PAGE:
GARDEN GROVE — Elizabeth Norment doesn't believe in "the sappy view that love conquers all," which the happy endings of Shakespeare's great domestic comedies would appear to suggest.
Yet for the past month--as Beatrice in the Grove Shakespeare Festival's "Much Ado About Nothing"--the actress has been persuading audiences that love can overwhelm one of the Bard's most skeptical, anti-romantic women.
And now as Rosalind in "As You Like It"--which begins tonight at the outdoor Festival Amphitheatre--she is about to portray a woman who not only falls in love at first sight but whose rite of passage from repression and romantic yearning to liberation and marriage makes her the Bard's ideal heroine.
"Everybody gets matched up in both plays, and in that sense there is resolution," Norment says. "But I don't see that there is such a clear-cut happy ending anywhere. I tend to think that even in Shakespeare's lightest comedies there are a lot of ambiguities.
"You have to look at who is matched up with whom. (In 'Much Ado') Hero marries a man who has viciously spurned her. Even Beatrice and Benedick have so much hostile energy between them that you have to wonder how mature that relationship actually is."
Similarly, the multiple match-ups in "As You Like It" during the final scene with Hymen, the god of marriage, are less harmonious than they might seem. While Rosalind's union with Orlando is perfect, Touchstone has no intention of remaining faithful to Audrey, and Phebe clearly is settling for second-best in Silvius.
But there is no question in Norment's mind that coming to the Grove for the back-to-back roles of Beatrice and Rosalind has been a marriage made in heaven for her, particularly after her virtual full-time focus on television in recent years with only snatches of stage work between guest shots on "L.A. Law," "Hooperman," "St. Elsewhere" and TV movies such as "The Final Days."
"It has completely rejuvenated my love for theater," says Norment, a graduate of the Yale School of Drama whose professional career began in 1980 as a founding member of Robert Brustein's American Repertory Theatre. "It has certainly challenged my skills to the max. What Shakespeare's roles give back to you on your investment is just astonishing. The deeper you dig the more there is. You will never hit bottom."
Moreover, she credits her Grove co-star, David Drummond, who plays both Benedick and Orlando, with giving the chance for her to experiment with the sort of physical acting that she rarely gets to do. He is not only "superb as an actor," she says, but his height (6 foot 6) allows her to play aggressively erotic or sweetly demure, whichever the roles demand.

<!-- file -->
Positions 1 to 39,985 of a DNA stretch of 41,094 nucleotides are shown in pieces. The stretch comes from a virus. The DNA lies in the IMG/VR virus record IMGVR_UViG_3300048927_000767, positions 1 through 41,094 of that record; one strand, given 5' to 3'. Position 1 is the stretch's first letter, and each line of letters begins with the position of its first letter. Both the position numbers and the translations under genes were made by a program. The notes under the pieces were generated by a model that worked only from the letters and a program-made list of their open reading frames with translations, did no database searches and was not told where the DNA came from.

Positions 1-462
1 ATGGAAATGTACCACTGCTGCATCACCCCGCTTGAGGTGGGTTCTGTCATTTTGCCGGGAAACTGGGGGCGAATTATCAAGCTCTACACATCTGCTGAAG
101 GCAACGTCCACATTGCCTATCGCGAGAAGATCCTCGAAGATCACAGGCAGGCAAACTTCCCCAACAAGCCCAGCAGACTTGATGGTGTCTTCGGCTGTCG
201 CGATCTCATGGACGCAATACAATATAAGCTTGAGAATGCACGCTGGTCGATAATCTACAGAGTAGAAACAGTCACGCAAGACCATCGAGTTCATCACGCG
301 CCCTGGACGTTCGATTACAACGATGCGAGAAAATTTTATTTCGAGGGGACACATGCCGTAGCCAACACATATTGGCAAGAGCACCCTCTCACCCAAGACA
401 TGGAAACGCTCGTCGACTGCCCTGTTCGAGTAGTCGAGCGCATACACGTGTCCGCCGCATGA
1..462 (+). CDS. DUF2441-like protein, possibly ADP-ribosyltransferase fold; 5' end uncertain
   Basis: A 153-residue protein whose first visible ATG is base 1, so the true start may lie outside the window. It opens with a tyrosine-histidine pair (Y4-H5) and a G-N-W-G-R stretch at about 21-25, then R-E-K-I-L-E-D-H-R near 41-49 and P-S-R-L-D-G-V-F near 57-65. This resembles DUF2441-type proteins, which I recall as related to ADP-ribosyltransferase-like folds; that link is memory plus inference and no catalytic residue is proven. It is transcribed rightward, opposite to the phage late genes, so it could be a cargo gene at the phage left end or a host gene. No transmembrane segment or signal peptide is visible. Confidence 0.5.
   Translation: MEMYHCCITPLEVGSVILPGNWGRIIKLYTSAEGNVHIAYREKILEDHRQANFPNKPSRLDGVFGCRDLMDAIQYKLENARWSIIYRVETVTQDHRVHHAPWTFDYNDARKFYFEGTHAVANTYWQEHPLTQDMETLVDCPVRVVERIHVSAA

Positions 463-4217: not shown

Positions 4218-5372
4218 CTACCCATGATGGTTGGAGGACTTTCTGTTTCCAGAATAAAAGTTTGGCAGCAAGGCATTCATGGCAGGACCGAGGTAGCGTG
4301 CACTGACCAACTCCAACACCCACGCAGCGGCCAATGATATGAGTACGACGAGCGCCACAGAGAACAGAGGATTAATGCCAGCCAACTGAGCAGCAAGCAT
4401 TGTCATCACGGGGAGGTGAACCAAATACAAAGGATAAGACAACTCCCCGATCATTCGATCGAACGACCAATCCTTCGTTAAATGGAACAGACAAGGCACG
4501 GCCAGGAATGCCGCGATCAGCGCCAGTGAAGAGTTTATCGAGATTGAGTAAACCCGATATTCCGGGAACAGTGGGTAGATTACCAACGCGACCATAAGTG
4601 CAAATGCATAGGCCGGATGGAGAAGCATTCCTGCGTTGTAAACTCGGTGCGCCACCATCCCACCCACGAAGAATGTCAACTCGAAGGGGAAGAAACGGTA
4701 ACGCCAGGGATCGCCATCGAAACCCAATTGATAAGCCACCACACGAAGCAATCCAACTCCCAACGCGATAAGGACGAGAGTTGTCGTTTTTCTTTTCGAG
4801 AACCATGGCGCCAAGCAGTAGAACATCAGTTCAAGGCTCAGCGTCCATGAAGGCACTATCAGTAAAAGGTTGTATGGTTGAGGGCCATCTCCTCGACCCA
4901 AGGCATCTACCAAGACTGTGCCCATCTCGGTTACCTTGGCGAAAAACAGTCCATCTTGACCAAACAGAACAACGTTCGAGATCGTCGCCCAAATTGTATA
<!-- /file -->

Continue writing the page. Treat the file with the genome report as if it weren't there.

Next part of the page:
"It's thrilling for me because, as Rosalind says of herself, 'I am more than common tall,' " notes the 5-foot-8 actress. "If I am opposite a man of my height or slightly taller, which is often the case, I would have to modify some of the things we do."
During "Much Ado," for instance, Norment and Drummond turned their first passionate kiss--a long-awaited moment for Beatrice and Benedick--into a highly charged, bodily embrace. "He lifted me up, and I had my arms around his neck \o7 and \f7 my legs twined around his hips," Norment recalls. "It was very erotic, and it just wouldn't have been an option with a smaller man."
By the same token, there are moments in "As You Like It" when Norment jumps on Drummond's back or sits on his lap confident that he has the strength to bear her weight. That security enables her to play \o7 mignon, \f7 as the French say for \o7 delicate \f7 and \o7 tiny.\f7
"\o7 Mignon\f7 has not been the theme of my life, so it's a pleasant change," says Norment. "No matter how liberated a woman is, sometimes it's nice to feel small or taken care of. When that sense of succumbing is part of the role and can be physicalized with a man as tall and strong as David, it's delightful."
Norment, 37, who lives in Los Angeles with a landscape architect, first came to Southern California from New York in 1983 as an ingenue opposite Peter Ustinov in "Beethoven's Tenth." The play, which Ustinov also wrote, premiered at the Ahmanson Theatre and toured the country before heading to Broadway for a short-lived run.
"I decided not to go back with the show," she recalls, "because there was such an abundance of (television and film) work for me out here."
Norment, a Washington native whose father was an administrator with the CIA, spent her childhood in Japan and Germany and her adolescence in Washington. After attending the University of Chicago for two years, she transferred to Cornell University because of its broader theater program and graduated with a bachelor's degree in English literature.
Following three years of graduate drama training at Yale--from 1976 to 1979--Norment was invited with about half her class to join American Rep, which Brustein created at Harvard University when he was denied tenure as dean of the Yale drama school.